Hard times fuel community's fury


LOS ANGELES -- In a smoky parking lot in South-Central Los Angeles, Ruby Galude, 55, stared in disbelief at the wreckage of her local grocery store. "I'm a diabetic. This is where I get all my juices and foods," she said, peering at shards of glass and soaked debris. "What am I going to do now?"

A few miles away, Paul C. Hudson arrived at his family-run savings and loan, a community fixture since 1947 in a neighborhood that has a grave shortage of banks. Wednesday night it burned down. "Just the exterior wall was left standing," he said.

Anthony Wright and his wife, Jaye, meanwhile, sat in lawn chairs as radio news blared from their pickup truck. Just a few blocks away, hundreds of people were on a looting rampage on Vermont Avenue.

Hard times fuel the fury, said Mrs. Wright, a teacher's aide. "It's not a recession for minority communities," she said. "It's a depression."

Long before this week's spasm of destruction, daily life in parts of South-Central Los Angeles was grueling in ways much different from elsewhere in the city. In ordinary, mundane ways -- from a shortage of grocery stores and expensive credit to a scarcity of jobs and the more-publicized ills of crime and drugs -- it was harder to get through a typical day.

The rising toll in human life, torched businesses and destroyed property added insult to an already dangerous, frustrating existence.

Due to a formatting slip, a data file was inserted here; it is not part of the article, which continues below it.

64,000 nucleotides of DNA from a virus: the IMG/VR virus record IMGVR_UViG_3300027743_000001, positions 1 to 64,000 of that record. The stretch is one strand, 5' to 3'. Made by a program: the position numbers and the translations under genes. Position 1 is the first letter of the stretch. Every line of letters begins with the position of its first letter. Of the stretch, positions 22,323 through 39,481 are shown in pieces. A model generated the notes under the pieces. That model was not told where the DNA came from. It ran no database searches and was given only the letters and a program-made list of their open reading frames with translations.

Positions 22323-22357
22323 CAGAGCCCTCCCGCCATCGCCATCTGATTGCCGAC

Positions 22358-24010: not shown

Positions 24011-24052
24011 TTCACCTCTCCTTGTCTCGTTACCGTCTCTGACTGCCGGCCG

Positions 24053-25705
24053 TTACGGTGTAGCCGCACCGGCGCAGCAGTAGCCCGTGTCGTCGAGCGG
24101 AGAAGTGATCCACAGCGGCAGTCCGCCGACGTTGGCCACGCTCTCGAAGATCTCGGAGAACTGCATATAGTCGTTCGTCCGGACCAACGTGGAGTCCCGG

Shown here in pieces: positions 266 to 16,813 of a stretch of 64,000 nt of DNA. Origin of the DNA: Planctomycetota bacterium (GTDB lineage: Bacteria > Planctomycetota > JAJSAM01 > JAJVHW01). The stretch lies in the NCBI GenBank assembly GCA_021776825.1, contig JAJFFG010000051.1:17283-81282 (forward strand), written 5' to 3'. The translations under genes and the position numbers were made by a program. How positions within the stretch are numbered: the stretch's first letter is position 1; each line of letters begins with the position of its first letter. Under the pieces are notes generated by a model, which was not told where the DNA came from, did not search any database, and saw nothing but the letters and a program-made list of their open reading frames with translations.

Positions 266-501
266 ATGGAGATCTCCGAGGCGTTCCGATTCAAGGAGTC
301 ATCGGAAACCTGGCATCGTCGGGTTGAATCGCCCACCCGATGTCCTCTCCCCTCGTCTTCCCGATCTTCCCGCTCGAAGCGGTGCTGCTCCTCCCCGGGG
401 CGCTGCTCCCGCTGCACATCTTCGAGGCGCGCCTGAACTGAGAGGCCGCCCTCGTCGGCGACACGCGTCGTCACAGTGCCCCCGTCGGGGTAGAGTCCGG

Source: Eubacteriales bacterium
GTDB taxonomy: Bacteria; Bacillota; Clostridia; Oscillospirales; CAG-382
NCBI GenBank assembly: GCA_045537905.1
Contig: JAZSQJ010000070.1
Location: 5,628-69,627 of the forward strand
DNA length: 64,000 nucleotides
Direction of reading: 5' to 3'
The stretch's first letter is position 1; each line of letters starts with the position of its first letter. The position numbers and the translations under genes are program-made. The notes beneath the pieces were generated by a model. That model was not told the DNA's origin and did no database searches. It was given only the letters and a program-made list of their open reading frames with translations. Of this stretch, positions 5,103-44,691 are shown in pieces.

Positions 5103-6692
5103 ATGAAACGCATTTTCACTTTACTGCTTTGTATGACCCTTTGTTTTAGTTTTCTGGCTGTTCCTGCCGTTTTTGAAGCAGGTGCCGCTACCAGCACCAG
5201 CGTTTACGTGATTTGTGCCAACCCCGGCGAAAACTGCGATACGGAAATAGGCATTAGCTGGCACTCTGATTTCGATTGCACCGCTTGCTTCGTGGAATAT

Yesterday, some of the residents spoke in determined voices about getting on with the job of rebuilding their community.

"We have an obligation to reopen," said Mr. Hudson, president of Broadway Federal Savings and Loan, a green, two-story structure on 45th Street that survived the Watts riots in 1965 but not this.

But there were other voices as well: voices of profound disappointment in this country, angry accusations that years of economic injustice and neglect set the stage for violence. And behind the veil of smoke and chaos, a pessimism seemed to rise.

In part, the deprivation is in everyday commercial life, where people often have to pay higher prices with fewer choices, where residents who want to cash checks sometimes wait in endless lines more reminiscent of Moscow than Los Angeles.

Since the days of the Watts riots, most major supermarket chains have cut back their stores in South Los Angeles. Other retailers are wary of settling there altogether. Dazed residents worried that life in the worst neighborhoods would become even more thankless, with the help of self-inflicted wounds.

People "won't have anywhere to eat. They won't have anywhere to buy gas. They won't have anywhere to buy groceries," said Jacquie Wade, who had ventured into a strife-torn neighborhood to see if her church was still standing. It was.

The frustrations are also a product of limited jobs. Famous manufacturers, such as General Motors, Goodyear, Firestone and Bethlehem Steel, used to provide South Central residents the chance for a living wage and upward mobility.

By the 1980s, most such jobs vanished, a result of declining U.S. competitiveness. In the ashes, residents were forced into a lower-wage economy of light industry, welding shops, furniture makers, garment factories, fast-food restaurants and other employers.

Yet even those are taking a pounding in this week's violence.

"It's sad," said Moddie V. Wilson III, who had hastily scribbled signs in the windows of his hardware store saying, "Black Owned Business," to warn off potential looters.

"Black people are disenfranchised in this community. We don't have many stores, but some had started to come back. Now I don't know. It's gotten beyond Rodney King. Rodney King was just the straw that broke the camel's back."

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